] photoluminescence with a narrower linewidth at 1536nm [Fig. 2(a)]. Films on Si(111) are consistently higher quality and have been grown up to 200nm thick. We observe no evidence of erbium clustering using TEM or visible upconversion [30

30. H. Isshiki, T. Ushiyama, and T. Kimura, “Demonstration of ErSiO superlattice crystal waveguide toward optical amplifiers and emitters,” Phys. Stat. Sol. A 205, 52–55 (2008). [CrossRef]

]. In post-growth XRD analysis, the dominant peaks in Fig. 1(b) are due to the substrate’s Si{111} and film’s Er 2O3{111} planes. Lesser peaks are associated with additional lines from the X-ray source (Kβ, W) and with dif- fraction from minority Er2O3 phases; there is no XRD evidence of erbium silicates or silicides at the Er2O3-Si interface [23

23. R. Xu, Y. Y. Zhu, S. Chen, F. Xue, Y. L. Fan, X. J. Yang, and Z. M. Jiang, “Epitaxial growth of Er2O3 films on Si(001),” J. Cryst. Growth 277, 496–501 (2005). [CrossRef]

,31

31. H. Ono and T. Katsumata, “Interfacial reactions between thin rare-earth-metal oxide films and Si substrates,” Appl. Phys. Lett. 78(13), 1832–1834 (2001). [CrossRef]

]. The {211}, {442}, and {822} families of peaks correspond to slightly strained volumes with surfaces nearly parallel to the dominant (111) surface. Given the EOS films’ homogeneousTEM cross sections and the relative intensities of the secondary XRD peaks, the minority phases compose a small fraction of the material. In addition to growth of Er2O3 on Si substrates, we have also demonstrated growth on the top Si device layer of (100)- oriented silicon-on-insulator substrates, as shown in Fig. 1(d).

Fig. 1. Er2O3 Growth and Processing. (a) TEM image of Er2O3-Si interface. (b) XRD spectrum for Er2O3 on Si(111) and a reference Si(111) sample; the (★) peaks designate strained layers (see §A.1). (c) SEM image of Er2O3 microdisk edge prior to the SF6 undercut. (d) Hybrid Er2O3-Si microdisk (78 nm Er2O3, 188 nm Si, 1 µm SiOx) after the final HF undercut of the buried oxide.

2. Processing

To fabricate Er2O3 microdisk resonators, a 400-nm low-stress SiNx hard mask is grown on the Er2O3-Si wafer by plasma enhanced chemical vapor deposition. The microdisk patterns are defined using electron-beam lithography and resist reflow [33

33. M. Borselli, T. J. Johnson, and O. Painter, “Beyond the Rayleigh scattering limit in high-Q silicon microdisks: theory and experiment,” Opt. Express 13, 1515 (2005). [CrossRef] [PubMed]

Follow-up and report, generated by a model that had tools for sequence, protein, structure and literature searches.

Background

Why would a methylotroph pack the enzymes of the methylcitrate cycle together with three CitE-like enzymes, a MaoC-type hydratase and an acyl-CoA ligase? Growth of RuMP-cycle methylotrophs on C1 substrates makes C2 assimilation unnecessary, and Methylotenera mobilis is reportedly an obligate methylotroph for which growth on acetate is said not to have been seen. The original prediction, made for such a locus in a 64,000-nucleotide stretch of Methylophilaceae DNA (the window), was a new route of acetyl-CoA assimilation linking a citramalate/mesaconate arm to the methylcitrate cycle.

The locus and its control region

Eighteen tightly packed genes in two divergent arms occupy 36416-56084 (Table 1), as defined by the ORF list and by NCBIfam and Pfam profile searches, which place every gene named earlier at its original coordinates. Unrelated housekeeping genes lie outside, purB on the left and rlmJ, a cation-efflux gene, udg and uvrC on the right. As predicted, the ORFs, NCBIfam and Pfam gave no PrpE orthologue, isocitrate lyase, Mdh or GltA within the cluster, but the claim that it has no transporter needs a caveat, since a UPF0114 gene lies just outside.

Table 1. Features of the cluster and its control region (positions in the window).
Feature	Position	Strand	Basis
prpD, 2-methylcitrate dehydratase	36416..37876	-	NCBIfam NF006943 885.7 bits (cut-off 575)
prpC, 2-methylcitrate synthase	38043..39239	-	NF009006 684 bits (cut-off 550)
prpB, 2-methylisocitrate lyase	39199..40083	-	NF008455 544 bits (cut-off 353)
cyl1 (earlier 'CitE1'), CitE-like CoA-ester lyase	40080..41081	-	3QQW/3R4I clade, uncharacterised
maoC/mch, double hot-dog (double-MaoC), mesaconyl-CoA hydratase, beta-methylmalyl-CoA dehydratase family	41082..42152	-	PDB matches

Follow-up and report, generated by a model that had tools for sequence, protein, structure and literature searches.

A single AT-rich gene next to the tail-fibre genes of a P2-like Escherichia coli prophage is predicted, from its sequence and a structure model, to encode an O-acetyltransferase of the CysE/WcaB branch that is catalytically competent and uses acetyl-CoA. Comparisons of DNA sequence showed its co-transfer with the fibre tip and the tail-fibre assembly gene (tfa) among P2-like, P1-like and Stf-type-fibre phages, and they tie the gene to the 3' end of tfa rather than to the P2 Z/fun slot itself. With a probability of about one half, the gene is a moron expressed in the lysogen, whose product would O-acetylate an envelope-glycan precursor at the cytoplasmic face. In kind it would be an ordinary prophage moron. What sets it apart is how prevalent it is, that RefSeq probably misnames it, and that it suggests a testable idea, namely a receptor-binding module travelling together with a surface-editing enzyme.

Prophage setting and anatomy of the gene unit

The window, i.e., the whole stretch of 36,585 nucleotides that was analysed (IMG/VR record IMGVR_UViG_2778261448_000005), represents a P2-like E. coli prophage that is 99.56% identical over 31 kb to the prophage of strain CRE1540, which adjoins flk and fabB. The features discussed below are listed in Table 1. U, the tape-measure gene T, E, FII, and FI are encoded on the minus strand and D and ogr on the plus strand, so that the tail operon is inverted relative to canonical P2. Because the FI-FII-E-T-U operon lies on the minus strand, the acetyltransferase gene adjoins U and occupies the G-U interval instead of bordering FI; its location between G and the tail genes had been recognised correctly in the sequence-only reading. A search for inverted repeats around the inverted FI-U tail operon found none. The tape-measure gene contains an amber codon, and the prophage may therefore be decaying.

] and then are transferred to the SiNx using a C4F8:SF6 RIE. We then mill the Er2O3 with an Ar+ plasma. The Ar+ mill exhibits approximately 1:1 selectivity with the SiNx hard mask; the resulting side walls [Fig. 1(c)] feature mild striations due to magnification of residual roughness in the EOS. Finally, an isotropic SF6 dry etch simultaneously partially undercuts the silicon substrate and removes the remaining SiNx mask. Processing hybrid Er2O3-Si resonators from Er2O3-SOI wafers, as in Fig. 1(d), employs the same SiNx hard mask and Ar+ mill. With the Er2O3 layer acting as a mask, we etch the silicon device layer with an anisotropic C4F8:SF6 RIE and undercut the buried oxide with concentrated HF. Many samples are prepared to optimize the process parameters at each step in order to minimize the microdisk side wall roughness. The measurements described here concern ~150-nm thick Er2O3 on Si(111) and Er2O3 microdisks with a radius of ~20µm.

3. Optical properties

Once the SiNx is removed and the disks are undercut, the emission and absorption properties of Er2O3 are investigated using dimpled fiber taper waveguides [34

34. C. P. Michael, M. Borselli, T. J. Johnson, C. Chrystal, and O. Painter, “An optical fiber-taper probe for wafer-scale microphotonic device characterization,” Opt. Express 15(8), 4745–4752 (2007). [CrossRef] [PubMed]

]. Mounted to a three-axis 50- nm encoded stage, placing the taper in the near field of the disk produces controllable and stable cavity-waveguide coupling. A bank of tunable diode lasers (spanning 963–993nm and 1420–1625 nm, linewidth <300 kHz) were used to characterize the disks’ WGMs and excite the Er 3+ optical transitions. The fiber taper also offers high photoluminescence collection efficiency [35

35. K. Srinivasan, A. Stintz, S. Krishna, and O. Painter, “Photoluminescence measurements of quantum-dot-containing semiconductor microdisk resonators using optical fiber taper waveguides,” Phys. Rev. B 72, 205318 (2005). [CrossRef]

]. Once fiber coupled, the pump and emission can be easily demuxed for sensitive pump-probe and pulsed measurements. Extensive details are available in §A.2–A.3.

3.1. 4I13/2→4I15/2 absorption and emission spectra

Since the crystal fields are needed to mix states of opposite parity for electric-dipole transitions, ions on the low-symmetry lattice sites (C 2, 24 of 32 sites/unit cell) are optically active while the remaining high-symmetry sites (C3i) experience weaker magnetic-dipole transitions [24

24. J. B. Gruber, J. R. Henderson, M. Muramoto, K. Rajnak, and J. G. Conway, “Energy levels of single-crystal erbium oxide,” J. Chem. Phys. 45, 477–482 (1966). [CrossRef]